The domestic church is like an enclosed garden; a planned space
for the cultivation, nurture and care of the family.
The present is the only chance to build our family as a domestic church.
While my son and I were praying, we got off on a little tangent. He asked me about the lyrics to a Christian song, The Proof of your Love by For King and Country. We listened to it and read the lyrics. I had heard this song many times. Funny how the refrain hit me like I’d never heard it before:
So let my life be the proof,
The proof of Your love
Let my love look like You and what You're made of
How You lived, how You died
Love is sacrifice
Oh, let my life be the proof,
The proof of Your love.
Love is sacrifice. These three little words are easy to miss. But, when you think about them, the meaning is powerful.
This gave me pause. In my head, I know this to be true. It’s what my husband and I talk so much about in our pre-cana presentation to engaged couples. Jesus sacrificed His life for us. He is our example for how we are to love our spouse.
The other thing that was going through my mind was Jesus’ words to Peter in Matthew 26:41, “The spirit is willing but the flesh is weak.”
Yes, God. I get it. You’re right. Selfishness is something I struggle with and it gets in the way of me being able to sacrifice. Just the night before our daughter was up most of the night with croup. My husband had been working late at night. I should have jumped right up and taken over for him – 100%. I failed.
Or, what about the many times I feel angry and resentful for finding myself having to clean up the kitchen again?
These are just day-to-day things. If I’m struggling with these, how can I love when it’s really hard? When it hurts?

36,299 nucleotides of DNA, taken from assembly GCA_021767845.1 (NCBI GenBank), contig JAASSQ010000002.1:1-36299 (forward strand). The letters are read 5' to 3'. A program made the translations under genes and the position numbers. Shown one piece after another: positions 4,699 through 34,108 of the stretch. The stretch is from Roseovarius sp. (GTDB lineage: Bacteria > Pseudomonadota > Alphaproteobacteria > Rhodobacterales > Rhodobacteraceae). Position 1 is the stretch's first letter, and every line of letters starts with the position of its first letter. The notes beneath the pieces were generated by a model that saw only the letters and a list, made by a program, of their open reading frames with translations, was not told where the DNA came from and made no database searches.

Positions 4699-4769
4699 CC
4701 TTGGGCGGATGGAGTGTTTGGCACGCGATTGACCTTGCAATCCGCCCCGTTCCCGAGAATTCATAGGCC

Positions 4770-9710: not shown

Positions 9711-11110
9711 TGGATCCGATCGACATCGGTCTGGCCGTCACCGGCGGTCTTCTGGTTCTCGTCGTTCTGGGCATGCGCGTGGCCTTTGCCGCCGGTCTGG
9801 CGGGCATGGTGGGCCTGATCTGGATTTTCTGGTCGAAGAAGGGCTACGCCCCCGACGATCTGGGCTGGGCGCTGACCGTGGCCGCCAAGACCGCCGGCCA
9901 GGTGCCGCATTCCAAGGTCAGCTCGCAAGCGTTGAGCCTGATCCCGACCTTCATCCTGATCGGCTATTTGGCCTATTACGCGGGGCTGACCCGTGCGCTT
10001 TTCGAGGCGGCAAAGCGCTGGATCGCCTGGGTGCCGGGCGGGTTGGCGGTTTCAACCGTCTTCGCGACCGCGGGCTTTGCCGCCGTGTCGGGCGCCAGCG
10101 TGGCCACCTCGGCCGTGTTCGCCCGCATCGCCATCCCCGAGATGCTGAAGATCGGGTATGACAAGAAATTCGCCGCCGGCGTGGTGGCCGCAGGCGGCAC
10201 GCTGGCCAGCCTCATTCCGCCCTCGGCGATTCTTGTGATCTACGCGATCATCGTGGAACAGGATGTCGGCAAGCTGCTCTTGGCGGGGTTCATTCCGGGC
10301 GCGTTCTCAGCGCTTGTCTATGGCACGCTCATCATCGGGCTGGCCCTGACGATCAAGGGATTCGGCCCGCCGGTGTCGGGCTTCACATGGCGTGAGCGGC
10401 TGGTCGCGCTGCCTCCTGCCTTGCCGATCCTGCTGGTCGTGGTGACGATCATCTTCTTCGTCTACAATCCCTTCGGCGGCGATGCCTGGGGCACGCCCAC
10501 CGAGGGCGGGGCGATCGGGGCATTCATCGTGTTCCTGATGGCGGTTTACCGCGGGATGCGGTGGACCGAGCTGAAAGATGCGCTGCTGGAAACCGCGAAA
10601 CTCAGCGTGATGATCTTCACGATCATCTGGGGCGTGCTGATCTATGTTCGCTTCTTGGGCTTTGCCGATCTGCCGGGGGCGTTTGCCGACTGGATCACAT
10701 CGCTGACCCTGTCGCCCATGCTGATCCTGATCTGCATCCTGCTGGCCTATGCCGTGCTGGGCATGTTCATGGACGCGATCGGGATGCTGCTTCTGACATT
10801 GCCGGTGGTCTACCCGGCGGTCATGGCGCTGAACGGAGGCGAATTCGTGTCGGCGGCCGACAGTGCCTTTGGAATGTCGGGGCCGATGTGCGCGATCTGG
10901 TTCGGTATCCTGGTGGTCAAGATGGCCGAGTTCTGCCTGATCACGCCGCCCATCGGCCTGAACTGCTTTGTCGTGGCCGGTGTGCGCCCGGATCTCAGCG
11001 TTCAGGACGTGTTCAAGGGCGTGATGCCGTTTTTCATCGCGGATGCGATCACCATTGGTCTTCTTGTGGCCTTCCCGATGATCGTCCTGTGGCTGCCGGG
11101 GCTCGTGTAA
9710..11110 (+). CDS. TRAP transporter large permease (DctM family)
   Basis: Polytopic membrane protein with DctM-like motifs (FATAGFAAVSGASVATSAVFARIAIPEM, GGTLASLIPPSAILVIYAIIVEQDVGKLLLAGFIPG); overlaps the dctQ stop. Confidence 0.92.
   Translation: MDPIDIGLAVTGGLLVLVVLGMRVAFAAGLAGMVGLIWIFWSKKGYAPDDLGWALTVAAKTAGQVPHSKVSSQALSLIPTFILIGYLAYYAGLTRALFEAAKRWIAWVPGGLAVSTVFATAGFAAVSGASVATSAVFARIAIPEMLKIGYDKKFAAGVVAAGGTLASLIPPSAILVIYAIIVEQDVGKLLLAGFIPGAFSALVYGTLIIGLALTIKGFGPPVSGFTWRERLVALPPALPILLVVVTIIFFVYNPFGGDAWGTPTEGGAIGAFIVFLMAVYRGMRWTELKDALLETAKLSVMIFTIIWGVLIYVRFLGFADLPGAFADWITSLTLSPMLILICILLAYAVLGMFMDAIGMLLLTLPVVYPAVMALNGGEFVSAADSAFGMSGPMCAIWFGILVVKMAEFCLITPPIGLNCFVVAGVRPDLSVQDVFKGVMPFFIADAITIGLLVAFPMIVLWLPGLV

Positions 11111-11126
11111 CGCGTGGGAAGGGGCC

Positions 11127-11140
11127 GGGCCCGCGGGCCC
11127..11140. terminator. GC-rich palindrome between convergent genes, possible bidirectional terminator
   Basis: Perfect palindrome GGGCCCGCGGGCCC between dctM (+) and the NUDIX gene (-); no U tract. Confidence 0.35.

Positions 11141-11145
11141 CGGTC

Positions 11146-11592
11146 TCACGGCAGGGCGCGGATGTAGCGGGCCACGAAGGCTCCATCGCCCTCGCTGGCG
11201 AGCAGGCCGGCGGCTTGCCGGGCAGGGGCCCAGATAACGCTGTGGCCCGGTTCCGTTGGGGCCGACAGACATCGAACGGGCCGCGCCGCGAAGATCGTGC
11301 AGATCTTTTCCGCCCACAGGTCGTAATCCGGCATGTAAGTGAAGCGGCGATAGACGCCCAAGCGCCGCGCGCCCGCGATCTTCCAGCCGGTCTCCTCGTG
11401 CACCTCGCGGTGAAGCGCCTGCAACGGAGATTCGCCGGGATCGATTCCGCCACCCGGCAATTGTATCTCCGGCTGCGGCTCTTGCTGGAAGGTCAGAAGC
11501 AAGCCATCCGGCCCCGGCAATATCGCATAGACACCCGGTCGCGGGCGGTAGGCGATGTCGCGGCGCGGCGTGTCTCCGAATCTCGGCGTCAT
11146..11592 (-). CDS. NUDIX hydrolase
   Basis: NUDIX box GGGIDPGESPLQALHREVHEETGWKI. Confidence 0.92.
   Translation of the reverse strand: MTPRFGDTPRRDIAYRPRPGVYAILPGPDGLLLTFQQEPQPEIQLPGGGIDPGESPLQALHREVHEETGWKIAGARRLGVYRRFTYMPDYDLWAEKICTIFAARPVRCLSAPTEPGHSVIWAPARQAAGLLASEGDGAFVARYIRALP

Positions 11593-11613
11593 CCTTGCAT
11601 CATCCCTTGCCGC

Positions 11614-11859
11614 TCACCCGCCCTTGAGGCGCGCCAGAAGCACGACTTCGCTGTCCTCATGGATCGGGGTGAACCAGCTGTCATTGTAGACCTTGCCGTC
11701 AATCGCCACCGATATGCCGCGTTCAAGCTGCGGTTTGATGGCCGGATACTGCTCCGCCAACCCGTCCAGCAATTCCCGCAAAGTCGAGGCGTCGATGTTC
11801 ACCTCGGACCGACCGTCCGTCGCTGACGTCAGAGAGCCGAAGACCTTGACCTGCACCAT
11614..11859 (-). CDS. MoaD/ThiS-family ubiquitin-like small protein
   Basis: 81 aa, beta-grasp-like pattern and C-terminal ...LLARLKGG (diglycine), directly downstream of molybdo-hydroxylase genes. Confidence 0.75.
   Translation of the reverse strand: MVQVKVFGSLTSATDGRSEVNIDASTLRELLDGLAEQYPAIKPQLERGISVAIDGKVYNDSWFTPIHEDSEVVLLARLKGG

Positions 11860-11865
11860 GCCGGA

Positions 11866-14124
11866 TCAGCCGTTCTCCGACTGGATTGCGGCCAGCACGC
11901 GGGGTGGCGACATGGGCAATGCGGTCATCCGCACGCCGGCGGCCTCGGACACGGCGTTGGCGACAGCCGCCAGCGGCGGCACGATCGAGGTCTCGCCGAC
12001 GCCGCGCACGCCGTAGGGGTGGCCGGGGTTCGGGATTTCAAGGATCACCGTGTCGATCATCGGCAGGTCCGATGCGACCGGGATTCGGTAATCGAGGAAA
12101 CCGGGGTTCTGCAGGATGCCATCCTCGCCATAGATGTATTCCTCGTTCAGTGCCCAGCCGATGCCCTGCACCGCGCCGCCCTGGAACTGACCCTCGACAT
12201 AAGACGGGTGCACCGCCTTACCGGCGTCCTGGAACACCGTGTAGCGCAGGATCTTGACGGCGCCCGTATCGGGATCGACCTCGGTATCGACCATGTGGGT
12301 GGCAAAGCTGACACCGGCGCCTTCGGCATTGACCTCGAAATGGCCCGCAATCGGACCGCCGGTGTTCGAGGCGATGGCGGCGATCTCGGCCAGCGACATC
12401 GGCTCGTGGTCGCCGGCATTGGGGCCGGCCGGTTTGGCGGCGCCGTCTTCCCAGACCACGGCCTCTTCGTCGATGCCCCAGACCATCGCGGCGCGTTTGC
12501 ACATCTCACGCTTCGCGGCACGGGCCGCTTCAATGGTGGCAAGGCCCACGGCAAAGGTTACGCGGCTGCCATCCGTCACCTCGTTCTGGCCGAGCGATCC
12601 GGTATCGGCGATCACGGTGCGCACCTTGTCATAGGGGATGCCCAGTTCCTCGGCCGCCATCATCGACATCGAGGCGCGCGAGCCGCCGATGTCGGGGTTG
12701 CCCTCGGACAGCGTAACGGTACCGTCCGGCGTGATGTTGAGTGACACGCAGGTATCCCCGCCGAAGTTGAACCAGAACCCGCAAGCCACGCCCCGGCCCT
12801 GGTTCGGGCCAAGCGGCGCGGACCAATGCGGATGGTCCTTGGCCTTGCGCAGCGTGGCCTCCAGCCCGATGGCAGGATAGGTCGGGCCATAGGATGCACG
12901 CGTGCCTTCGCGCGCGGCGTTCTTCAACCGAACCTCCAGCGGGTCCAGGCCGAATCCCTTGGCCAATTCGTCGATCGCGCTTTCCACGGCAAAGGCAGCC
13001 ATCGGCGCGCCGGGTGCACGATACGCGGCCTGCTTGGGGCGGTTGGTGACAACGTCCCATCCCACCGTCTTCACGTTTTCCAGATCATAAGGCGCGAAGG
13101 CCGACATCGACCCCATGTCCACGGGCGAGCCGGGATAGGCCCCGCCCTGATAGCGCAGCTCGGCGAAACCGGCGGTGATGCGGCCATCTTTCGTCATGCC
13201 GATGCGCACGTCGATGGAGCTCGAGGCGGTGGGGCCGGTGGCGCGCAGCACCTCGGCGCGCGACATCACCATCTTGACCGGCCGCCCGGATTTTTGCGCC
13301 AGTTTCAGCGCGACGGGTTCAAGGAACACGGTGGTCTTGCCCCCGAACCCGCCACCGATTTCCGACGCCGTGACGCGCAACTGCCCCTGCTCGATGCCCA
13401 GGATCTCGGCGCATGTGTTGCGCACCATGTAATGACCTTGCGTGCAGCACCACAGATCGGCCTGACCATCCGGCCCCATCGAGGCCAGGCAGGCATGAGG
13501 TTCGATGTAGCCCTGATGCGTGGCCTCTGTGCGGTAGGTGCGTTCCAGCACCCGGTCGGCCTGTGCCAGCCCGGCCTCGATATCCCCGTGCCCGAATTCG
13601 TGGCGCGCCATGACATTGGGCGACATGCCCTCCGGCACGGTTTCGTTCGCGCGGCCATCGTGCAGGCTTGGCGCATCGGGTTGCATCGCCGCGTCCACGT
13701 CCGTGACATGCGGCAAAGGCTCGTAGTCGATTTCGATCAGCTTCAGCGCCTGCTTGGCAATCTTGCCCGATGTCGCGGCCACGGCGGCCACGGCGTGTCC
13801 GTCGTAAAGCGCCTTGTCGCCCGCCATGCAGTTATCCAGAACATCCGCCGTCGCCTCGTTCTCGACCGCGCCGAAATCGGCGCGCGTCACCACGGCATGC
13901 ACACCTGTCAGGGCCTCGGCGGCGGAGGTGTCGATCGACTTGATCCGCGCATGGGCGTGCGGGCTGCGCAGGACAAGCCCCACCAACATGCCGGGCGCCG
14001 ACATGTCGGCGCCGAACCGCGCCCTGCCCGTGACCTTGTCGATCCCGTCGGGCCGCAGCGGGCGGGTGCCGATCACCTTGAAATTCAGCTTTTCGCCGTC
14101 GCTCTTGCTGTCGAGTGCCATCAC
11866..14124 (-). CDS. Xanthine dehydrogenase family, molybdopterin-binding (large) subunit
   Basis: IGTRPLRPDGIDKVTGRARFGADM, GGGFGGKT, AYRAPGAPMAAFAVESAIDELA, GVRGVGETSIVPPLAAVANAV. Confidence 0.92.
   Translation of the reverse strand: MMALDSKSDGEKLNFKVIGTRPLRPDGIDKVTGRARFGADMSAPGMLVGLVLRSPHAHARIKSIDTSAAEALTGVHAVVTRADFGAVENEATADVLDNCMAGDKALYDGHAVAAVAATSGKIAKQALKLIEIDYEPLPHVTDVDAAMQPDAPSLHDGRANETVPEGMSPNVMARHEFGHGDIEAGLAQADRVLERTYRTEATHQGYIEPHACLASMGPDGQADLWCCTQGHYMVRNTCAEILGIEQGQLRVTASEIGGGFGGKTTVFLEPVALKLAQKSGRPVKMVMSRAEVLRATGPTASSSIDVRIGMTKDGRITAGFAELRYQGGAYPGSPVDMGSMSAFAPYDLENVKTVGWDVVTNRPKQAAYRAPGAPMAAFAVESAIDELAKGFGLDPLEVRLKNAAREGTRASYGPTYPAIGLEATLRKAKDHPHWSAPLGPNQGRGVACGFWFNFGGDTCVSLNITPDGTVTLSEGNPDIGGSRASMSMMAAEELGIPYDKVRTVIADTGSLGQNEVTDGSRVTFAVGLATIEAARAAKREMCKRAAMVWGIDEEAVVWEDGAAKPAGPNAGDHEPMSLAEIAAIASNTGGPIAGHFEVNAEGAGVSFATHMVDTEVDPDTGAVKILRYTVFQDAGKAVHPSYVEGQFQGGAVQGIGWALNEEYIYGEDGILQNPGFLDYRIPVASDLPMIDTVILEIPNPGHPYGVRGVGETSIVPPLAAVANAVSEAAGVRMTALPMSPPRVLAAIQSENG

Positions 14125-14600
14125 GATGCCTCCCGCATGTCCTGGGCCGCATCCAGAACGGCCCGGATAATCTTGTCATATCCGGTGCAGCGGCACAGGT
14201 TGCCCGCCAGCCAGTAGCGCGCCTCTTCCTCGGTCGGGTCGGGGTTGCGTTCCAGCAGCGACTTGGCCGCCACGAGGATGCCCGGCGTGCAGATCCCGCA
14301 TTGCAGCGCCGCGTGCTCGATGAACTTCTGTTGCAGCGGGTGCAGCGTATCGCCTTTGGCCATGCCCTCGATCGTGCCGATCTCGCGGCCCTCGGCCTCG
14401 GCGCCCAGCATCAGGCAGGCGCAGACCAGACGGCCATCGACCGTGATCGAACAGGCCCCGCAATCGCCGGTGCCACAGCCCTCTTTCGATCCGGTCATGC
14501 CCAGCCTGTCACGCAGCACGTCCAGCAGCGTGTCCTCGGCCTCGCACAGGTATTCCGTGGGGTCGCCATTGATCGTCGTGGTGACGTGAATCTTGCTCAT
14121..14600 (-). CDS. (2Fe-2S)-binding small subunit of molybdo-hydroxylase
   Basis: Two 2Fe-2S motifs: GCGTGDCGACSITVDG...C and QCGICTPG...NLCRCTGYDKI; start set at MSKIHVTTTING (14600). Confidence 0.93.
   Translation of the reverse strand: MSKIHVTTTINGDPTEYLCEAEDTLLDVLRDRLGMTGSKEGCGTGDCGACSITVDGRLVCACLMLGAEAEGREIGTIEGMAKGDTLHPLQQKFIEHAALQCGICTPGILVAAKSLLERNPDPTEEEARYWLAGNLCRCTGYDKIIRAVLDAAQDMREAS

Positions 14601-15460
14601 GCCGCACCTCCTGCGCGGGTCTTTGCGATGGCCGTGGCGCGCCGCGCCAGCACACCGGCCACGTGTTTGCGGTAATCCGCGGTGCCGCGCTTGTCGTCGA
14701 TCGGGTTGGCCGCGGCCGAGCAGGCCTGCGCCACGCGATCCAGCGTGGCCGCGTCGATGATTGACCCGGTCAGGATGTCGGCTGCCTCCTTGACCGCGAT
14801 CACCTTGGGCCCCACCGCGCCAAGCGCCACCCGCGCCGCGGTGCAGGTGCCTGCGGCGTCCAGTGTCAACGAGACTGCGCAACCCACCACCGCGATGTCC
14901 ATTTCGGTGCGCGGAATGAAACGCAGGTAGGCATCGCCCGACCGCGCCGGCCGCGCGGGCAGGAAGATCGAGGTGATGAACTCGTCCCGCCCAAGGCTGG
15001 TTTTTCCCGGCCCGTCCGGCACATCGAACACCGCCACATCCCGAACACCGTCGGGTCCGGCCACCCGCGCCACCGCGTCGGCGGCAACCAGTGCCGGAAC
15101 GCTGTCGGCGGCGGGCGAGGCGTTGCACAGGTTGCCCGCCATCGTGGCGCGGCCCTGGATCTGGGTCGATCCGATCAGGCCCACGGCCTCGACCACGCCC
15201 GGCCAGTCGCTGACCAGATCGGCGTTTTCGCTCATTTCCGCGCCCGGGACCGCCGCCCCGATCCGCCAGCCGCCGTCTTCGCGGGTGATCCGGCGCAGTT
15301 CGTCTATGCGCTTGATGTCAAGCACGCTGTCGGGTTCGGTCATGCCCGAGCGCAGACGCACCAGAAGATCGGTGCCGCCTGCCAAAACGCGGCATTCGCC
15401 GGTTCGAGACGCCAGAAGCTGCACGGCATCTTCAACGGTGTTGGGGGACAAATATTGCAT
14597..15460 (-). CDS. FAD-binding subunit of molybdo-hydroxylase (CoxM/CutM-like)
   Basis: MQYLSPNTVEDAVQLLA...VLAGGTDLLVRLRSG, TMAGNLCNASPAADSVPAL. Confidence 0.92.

What are we giving ourselves to?
I’m currently reading, Heaven Starts Now: Becoming a Saint Day by Day by Fr. John Riccardo. One of the chapters is entitled, Surrender. Fr. Riccardo writes, “What are we living for? What are we giving ourselves to?...” ”…we might be living for our spouse – not loving our spouse but living for our spouse. Or living for our children, or for honors, or any of a variety of things. But if it’s not God that we’re sacrificing our bodies to, then to whatever or to whomever we are offering ourselves is eventually going to do one of two things: disappoint us or crush us. Because none of those things, good as they all are, are what we are made for.”
Wow. That stopped me in my tracks. It certainly isn’t what our culture tells us. God loves me unconditionally. He knows everything about me and His mercy is incomprehensible. His love is beyond what I can wrap my head around. And, yet, how do I love Him?
Starts with a Relationship with Jesus
Funny how God works. It started with my son asking to listen to a song. It spurred a memory about a paragraph I had recently read. This caused me greater contemplation on an area for which I struggle and I became frustrated and mad at myself for seeing how many times I fall short. What do I do?
I began to reflect on my past and think about other more challenging times of sacrifice in my life. I realized that during those times I had to lean into prayer even more. That was my answer.
I know from firsthand experience that, “The spirit is willing but the flesh is weak.” I can’t do this alone. I know I need God’s help to teach me to love. As I grow closer to Jesus in a relationship, the more I grow in my desire to love Him better. That desire moves me to more freely and joyfully give of myself to my spouse, children, family, friends and others. I must lean into prayer and grow in my relationship with Jesus.